Uber and Lyft drivers took another step closer to becoming regular employees rather than contractors in California.

Uber and Lyft suffered another setback in their fight against having to classify drivers as employees in California and are now the two companies are counting on a ballot initiative to block the full implementation of a new state law, which limits employers’ ability to designate certain employees as contractors.

Last week, a panel of appellate judges in California upheld the law, which says the ride-hailing companies must reclassify drivers as employees, making them eligible for benefits as well as another a full range of state and federal laws.

The two companies received a bit of a reprieve in August when a federal judge temporarily blocked implementation of the initial ruling until the appeals court render a decision on the appeal.

(Uber, Lyft get last-minute reprieve ahead of California shutdown.)

Uber and Lyft drivers claim they’ve been pressured to support the ballot initiative that would make them independent contractors.

The ruling basically affirmed an earlier court decision that designated the drivers as employees rather than contractors effectively undercutting Uber and Lyft’s business model. The contractor model, once legal under the law in California and virtually every other state, allows ride-hailing companies to shift significant costs to the drivers, according to independent analysts.

Uber and Lyft, having already lost in the California legislature and the state’s courts, are now working to promote a ballot initiative that would basically exempt them from the law.

The New York Times reports that the two companies are spending $200 million on to pass the initiative known has Proposition 22. The corporate electioneering on behalf of the measure has been criticized by some drivers who have complained they have been pressured to openly support the measure.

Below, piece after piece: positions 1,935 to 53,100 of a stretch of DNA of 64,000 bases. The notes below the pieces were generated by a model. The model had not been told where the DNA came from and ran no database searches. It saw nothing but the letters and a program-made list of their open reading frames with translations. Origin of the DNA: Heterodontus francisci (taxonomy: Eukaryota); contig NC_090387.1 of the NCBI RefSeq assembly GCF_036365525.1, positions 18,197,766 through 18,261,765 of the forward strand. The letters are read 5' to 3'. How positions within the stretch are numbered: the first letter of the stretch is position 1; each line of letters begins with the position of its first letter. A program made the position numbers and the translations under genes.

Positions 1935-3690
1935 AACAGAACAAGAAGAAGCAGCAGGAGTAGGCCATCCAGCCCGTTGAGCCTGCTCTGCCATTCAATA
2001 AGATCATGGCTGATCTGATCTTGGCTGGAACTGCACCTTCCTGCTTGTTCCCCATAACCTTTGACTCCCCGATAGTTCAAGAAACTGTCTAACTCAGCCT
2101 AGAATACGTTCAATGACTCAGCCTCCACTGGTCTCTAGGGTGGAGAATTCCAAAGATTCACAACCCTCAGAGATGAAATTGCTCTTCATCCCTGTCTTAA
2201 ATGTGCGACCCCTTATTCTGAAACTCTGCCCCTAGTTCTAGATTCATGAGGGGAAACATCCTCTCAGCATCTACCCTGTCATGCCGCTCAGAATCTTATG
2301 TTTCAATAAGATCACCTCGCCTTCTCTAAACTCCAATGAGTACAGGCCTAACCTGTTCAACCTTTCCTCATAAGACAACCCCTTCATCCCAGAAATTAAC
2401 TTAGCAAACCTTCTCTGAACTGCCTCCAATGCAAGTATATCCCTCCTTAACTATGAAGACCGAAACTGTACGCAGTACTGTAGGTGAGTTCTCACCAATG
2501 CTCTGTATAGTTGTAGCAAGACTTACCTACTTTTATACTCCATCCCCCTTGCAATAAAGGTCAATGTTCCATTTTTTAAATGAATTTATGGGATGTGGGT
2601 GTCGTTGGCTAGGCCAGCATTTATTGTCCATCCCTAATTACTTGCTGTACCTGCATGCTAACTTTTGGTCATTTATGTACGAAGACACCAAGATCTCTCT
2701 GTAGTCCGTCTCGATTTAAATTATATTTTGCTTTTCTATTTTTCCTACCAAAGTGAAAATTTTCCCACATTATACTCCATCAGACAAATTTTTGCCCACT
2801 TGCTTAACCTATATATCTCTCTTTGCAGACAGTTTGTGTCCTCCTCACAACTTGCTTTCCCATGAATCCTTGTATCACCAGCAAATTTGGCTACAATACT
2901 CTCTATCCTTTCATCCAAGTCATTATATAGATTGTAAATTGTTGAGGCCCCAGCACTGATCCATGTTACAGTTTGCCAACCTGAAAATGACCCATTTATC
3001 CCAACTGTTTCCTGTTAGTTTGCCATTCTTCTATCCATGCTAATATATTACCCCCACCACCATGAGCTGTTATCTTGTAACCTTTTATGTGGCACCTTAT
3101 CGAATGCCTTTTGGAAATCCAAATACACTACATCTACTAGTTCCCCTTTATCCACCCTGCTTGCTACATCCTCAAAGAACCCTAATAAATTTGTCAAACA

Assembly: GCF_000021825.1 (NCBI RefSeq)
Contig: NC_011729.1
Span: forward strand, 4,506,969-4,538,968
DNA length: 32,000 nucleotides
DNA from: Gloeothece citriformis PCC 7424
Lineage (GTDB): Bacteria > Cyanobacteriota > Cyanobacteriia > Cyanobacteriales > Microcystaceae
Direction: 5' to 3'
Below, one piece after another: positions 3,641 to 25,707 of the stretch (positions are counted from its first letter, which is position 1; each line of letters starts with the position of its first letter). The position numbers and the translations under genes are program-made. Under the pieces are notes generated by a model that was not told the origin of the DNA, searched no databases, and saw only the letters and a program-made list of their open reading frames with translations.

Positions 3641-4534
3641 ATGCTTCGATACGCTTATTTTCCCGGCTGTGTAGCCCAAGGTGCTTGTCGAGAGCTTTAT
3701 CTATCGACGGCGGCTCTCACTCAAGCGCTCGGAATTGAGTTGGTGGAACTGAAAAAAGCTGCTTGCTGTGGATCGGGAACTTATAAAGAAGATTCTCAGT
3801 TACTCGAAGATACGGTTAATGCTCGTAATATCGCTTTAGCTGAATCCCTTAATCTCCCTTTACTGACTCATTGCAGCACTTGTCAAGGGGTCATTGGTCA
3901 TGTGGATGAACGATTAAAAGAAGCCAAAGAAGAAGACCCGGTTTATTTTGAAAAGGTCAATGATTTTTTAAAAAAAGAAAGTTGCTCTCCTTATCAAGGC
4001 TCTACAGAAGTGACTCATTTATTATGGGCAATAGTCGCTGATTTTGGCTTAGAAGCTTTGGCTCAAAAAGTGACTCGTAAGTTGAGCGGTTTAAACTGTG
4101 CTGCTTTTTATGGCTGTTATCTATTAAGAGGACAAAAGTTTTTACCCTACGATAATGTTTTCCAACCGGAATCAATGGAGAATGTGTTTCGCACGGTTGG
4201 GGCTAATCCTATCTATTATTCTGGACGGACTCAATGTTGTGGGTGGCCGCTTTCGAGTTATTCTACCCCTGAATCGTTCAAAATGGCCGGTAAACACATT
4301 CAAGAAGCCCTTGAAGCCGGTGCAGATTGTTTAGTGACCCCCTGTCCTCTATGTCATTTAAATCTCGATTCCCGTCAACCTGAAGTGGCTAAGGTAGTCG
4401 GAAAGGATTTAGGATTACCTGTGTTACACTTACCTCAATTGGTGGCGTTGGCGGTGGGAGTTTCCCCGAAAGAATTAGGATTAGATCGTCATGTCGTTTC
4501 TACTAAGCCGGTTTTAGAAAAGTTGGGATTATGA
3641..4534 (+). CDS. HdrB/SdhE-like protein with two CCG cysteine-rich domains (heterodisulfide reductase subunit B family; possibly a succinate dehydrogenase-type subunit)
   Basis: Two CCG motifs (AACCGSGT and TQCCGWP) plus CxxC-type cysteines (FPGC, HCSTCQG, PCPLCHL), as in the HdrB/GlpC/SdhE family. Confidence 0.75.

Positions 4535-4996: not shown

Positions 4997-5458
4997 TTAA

(Uber, Lyft suffer legal setback in case about driver status.)

In August, a California court ordered Uber and Lyft to reclassify their drivers in the state as employees, delivering a win to the state. At the time, both companies had threatened to shut down if they were forced to reclassify their workers.

California Attorney General Xavier Becerra said Lyft and Uber drivers are being expected to carry more responsibility than they should.

The ruling prompted the companies to appeal. But the appellate court wrote that the injunction restraining Uber and Lyft from classifying their drivers as independent contractors was valid. “It is broad in scope, no doubt, but so too is the scale of the alleged violations,” the court said.

California Attorney General Xavier Becerra said in a statement after the ruling, “Uber and Lyft have used their muscle and clout to resist treating their drivers as workers entitled to those paycheck and benefit protections. It’s time for Uber and Lyft to play by the rules.”

(Uber, Lyft hit by decision declaring drivers are employees.)

California law known as AB5 that was passed last September, companies would have to pass what has been dubbed the “ABC test” to justify classifying workers as independent contractors. The two ride-hailing giants insisted they met the guidelines, but in May Becerra filed for a preliminary injunction aimed at forcing them to comply.

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